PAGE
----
Frequently Asked Questions about Augmentation Mammoplasty
What incisions are used in augmentation mammoplasty?
Usually three types of incisions are used for augmentation mammoplasty. The periareolar semicircular incision is over the nipple-areola complex. The inframammary incision is placed in the inframammary fold. The axillary incision is placed in the axilla. Each of these methods has benefits and drawbacks. With the periareolar incision scarring is usually minimal but there may be increased alterations in nipple sensation. The inframammary provides excellent exposure, respecting the mammary gland, but it can lead to a more noticeable scar. The axillary incision leaves a good scar, although exposed, but hinders access to the surgical field, limiting the type and volume of implants that can be placed and hindering the successful creation of the pocket.
Should prophylactic antibiotics be used?
The incidence of infection in augmentation mammoplasty is 2.2%. As the implant is a foreign body, infection can be a catastrophic event that requires removal. The most frequently isolated microorganism is taphylococcus epidermidis. Therefore, in addition to proper skin preparation appropriate intravenous antibiotics (cephalosporins) should be given in the intervention and orally as postoperative treatment for 5-7 days.
What are the operative risks?
All surgical procedures have inherent risks, including bleeding and infection. The hematoma occurs in augmentation mammoplasty in 0.5-3% of cases. If large they require drainage. The incidence of infection is pproximately 2.2% in some series. Poor positioning of the implant, asymmetry, improper placement or the inframammary fold or healing problems can also occur.
Is there a change in nipple sensitivity after augmentation mammoplasty?
The sensitivity of the nipple-areola complex is due mostly to the fourth lateral intercostal nerve (nerve branch that lies between the 4th and 5th rib). The nerve reaches the breast approximately 2 cm from the lateral edge of the gland. The incidence of nerve injury in the placement in the subglandular plane (behind the gland) is in some series up to 15%: the placement of the implant in the submuscular plane is much less common.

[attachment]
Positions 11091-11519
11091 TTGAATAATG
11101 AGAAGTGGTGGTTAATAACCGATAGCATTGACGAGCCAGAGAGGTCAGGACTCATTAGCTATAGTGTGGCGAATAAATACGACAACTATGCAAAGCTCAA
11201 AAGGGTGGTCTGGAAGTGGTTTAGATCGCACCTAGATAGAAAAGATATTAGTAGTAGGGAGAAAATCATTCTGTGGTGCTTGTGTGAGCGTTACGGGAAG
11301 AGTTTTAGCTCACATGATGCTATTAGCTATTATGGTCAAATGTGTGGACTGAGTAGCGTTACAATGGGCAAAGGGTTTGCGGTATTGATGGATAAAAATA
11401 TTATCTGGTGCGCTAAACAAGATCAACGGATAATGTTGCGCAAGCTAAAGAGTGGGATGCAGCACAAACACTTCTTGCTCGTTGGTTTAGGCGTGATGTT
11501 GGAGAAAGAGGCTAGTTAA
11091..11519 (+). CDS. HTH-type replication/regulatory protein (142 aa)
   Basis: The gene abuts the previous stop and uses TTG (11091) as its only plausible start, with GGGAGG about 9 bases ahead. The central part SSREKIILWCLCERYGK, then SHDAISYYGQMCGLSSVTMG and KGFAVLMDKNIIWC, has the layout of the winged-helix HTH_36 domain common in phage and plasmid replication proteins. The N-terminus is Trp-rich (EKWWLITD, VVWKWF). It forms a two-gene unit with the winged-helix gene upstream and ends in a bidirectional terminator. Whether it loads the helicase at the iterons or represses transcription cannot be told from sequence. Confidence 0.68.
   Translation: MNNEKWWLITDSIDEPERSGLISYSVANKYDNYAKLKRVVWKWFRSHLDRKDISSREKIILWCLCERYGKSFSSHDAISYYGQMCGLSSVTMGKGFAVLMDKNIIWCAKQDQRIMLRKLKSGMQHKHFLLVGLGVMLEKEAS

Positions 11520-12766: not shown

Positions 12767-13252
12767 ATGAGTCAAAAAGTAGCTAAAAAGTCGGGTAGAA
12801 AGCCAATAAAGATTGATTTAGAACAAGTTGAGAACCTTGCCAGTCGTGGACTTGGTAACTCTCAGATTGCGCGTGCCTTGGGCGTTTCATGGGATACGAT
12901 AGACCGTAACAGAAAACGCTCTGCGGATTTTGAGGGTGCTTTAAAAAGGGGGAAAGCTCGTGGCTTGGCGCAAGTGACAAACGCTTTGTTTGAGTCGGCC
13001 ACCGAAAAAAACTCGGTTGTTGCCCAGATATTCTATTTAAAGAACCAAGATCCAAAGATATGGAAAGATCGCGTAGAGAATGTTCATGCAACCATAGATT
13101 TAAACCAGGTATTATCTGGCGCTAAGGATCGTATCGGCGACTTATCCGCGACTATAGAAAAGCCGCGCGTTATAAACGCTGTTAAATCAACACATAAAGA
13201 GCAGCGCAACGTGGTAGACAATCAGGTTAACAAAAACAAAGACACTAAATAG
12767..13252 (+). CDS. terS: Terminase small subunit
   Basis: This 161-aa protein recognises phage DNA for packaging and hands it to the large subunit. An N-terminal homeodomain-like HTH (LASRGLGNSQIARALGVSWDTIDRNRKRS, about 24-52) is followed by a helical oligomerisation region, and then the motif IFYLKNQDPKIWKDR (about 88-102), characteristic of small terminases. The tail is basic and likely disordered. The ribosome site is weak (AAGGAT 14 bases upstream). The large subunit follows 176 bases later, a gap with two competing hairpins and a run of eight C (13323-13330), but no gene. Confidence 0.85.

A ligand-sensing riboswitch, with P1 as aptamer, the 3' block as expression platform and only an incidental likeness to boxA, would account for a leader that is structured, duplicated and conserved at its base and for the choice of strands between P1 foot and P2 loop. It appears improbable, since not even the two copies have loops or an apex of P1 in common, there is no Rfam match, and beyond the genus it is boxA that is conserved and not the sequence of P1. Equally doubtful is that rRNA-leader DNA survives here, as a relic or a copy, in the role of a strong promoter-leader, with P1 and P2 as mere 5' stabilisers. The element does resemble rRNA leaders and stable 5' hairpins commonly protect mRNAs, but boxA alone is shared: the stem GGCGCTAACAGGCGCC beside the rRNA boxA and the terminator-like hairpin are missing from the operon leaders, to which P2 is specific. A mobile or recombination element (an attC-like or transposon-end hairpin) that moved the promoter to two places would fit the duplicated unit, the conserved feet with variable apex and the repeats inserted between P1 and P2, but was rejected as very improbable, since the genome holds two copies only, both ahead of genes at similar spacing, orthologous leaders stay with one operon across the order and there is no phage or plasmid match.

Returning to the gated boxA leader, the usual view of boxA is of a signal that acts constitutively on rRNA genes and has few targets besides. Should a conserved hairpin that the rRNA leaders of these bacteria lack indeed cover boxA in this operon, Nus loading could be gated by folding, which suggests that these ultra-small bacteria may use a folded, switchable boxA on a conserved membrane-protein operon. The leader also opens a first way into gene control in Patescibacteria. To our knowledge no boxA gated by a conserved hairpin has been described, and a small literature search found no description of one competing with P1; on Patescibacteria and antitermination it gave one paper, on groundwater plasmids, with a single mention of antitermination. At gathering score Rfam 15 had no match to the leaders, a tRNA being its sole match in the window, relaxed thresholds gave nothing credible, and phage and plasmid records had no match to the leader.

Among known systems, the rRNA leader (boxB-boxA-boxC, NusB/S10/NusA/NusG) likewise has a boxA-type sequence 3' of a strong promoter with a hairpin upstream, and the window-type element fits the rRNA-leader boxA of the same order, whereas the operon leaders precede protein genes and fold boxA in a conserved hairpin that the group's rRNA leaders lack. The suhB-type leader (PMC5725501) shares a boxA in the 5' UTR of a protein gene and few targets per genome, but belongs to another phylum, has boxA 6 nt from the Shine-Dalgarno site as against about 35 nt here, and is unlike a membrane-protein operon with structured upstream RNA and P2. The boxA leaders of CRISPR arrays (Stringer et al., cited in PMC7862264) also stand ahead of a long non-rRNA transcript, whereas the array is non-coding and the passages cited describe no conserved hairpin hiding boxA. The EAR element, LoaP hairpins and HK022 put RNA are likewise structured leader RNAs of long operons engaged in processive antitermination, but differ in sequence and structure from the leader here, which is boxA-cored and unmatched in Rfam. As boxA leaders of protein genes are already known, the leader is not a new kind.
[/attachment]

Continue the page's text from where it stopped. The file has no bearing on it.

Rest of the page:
How is capsular contracture classified?
Since 1975 we classify capsular contracture in 4 degrees described by Baker:
- Grade I: Soft Mama.
- Grade II: Minimum contracture, implant palpable but not visible.
- Grade III: Moderate contracture, palpable implant and distinguishable.
- Grade IV: Severe contracture; hard symptomatic breast, sometimes with shape distortion.
The incidence of contracture is highly variable, and it depends on the type of implant, and the placement plane. If the contracture is symptomatic, treatment to remove the cap and replace the implant is reoperation..
What is the average increase in size after augmentation mammoplasty?
The increase in the size of the breast depends on many factors, including the condition of the skin of the breast. Patients with smaller breasts have less skin available and those with involutional atrophy have more, which allows the use of a larger implant. The increase can be performed in stages with a smaller implant serving as a tissue expander with subsequent placement of a larger implant. Other factors include body habitus, shape and size of the breast and implant size
Has the incidence of cancer in patients who have undergone a breast augmentation increased?
In the general population, the risk of breast cancer is about one in nine women. It is estimated that nearly two million have undergone augmentation with silicone gel implants. 200,000 of this subpopulation is expected to develop breast cancer. However, numerous studies have shown that patients with breast implants have not undergone an increase in the incidence of breast cancer compared to the non-operated.
Is there a risk of breast implant breakage?
All manufactured devices have a finite life expectancy. Patients should be warned that the risk of implant breakage depends on the physical properties of the device and the time elapsed since placement. The risk is cumulative and it is speculated to be about 2% per year. The most appropriate imaging test to assess the condition of the implant is MRI. Faced with a broken prosthesis the attitude to adopt has to be the intervention to change it.